Spartan Spotlight - Kristin Ford

LANGLEY, British Columbia -Kristin Ford likes any movie with Johnny Depp. She’s a huge fan of Avatar. And rare is the Disney movie she doesn’t enjoy.

However, this past spring, had she had it her way, she would have preferred to have never seen Jack Sparrow or Jake Sully or, for that matter, found Nemo.

Unfortunately for the third-year Trinity Western women’s basketball forward, she likely caught a glimpse of them all this past spring as she spent more than her fair share of time hunkered down watching movies while suffering from mononucleosis.

Forced from the basketball court and the classroom, Ford went home to Okotoks, Alta. shortly after the Spartans season and did nothing but sleep, watch movies and, occasionally, attempt to do some homework.

For the 5-foot-11 Ford, who graduated from Holy Trinity Academy in Okotoks in 2011, life had always been about sports. If it wasn’t basketball, it was hockey or soccer or badminton or even something else. So, understandably, being cooped up in her bedroom in Okotoks wasn’t her idea of a good time.

“It was terrible,” says Ford, who is studying human kinetics and hopes to one day become a teacher at her old high school. “I’ve never not been active, so to not be able to do anything was awful.”

For a month, she did nothing. And for the months following, she did very little on the court.

“I went a bit crazy,” Ford says. “It was really tough mentally. Even when I could come and watch practice, it was difficult because I wasn’t be able to join in.”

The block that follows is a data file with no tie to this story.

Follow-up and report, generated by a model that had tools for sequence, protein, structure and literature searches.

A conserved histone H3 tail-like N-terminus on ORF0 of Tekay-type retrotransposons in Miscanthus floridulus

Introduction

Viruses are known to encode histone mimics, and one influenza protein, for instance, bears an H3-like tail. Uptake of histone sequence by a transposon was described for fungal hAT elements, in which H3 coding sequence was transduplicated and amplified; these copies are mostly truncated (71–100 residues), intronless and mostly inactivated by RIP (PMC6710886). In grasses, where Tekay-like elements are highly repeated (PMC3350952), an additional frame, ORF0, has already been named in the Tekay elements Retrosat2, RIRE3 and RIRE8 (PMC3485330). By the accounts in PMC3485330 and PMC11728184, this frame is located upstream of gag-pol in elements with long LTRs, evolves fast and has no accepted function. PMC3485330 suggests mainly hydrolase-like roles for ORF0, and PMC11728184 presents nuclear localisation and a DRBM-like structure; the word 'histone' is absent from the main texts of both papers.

She was never able to really join in for the rest of the semester. So what followed was a hectic summer of catching up on a school, getting back into basketball shape and working at a recreational centre in Okotoks.

So when she returned this past September, she was thrilled to finally be back, both on the court and caught up in the classroom.

Except Ford still found herself feeling fatigued and struggling to focus. She wasn’t quite herself.

“In the summer after the mono, I was tired all the time and was a bit down,” Ford says.

Test results came back in early September, diagnosing Ford with anemia.

“I was excited because I was back and got to be with the team again and I got to play with them and remember how to play with them,” Ford says. “But then I got the test results and found out I was anemic.”

It was another setback. And for Ford, who was set to take on a larger role this season, it was another frustrating moment that put her development once again on hold.

For the better part of two months, Ford just battled to get back to where she once was.

But now, as the Spartans enter the Christmas break, Ford is finally back on track. Ford, who is averaging 12.2 minutes per game but has a team-leading shooting percentage of 60.9, is playing up to the potential she had once envisioned for her third year.

“It’s nice now because I feel like I’m back to where I was before I got sick,” says Ford. “It’s been very exciting to be able to perform how I know I can. It’s exciting to not have health issues hold me back.”

Spartans coach Cheryl Jean-Paul adds: “In the last few weeks, we’ve definitely seen that progression as she’s developed into a third-year athlete. I think it’s just gaining confidence for her.”

Now, Ford is hoping to help turn the Spartans seasonal fortunes around. With TWU struggling through a nine-game losing skid, Ford’s fully healthy presence on the court is something that certainly can help her become a difference maker.

“I definitely need to be a factor on the boards,” Ford says. “But I also need to defend the opposite team’s post and play physical, which is the type of game I am comfortable with.”

And for TWU, having Ford back on the court and in peak condition will certainly go a long way to helping build team success.

“She works hard,” Jean-Paul says. “She’s a team player. She really looks out for the best for her teammates and wants everyone to enjoy the process. We’re trying to encourage her to take what’s there for her because she is getting the opportunities and I think she is coming into her own.

“She’s healthy and she’s getting healthier and our goal is to keep her healthy and keep her moving forward in her basketball abilities.”


Last Updated: 2013-12-13
Author: Mark Janzen

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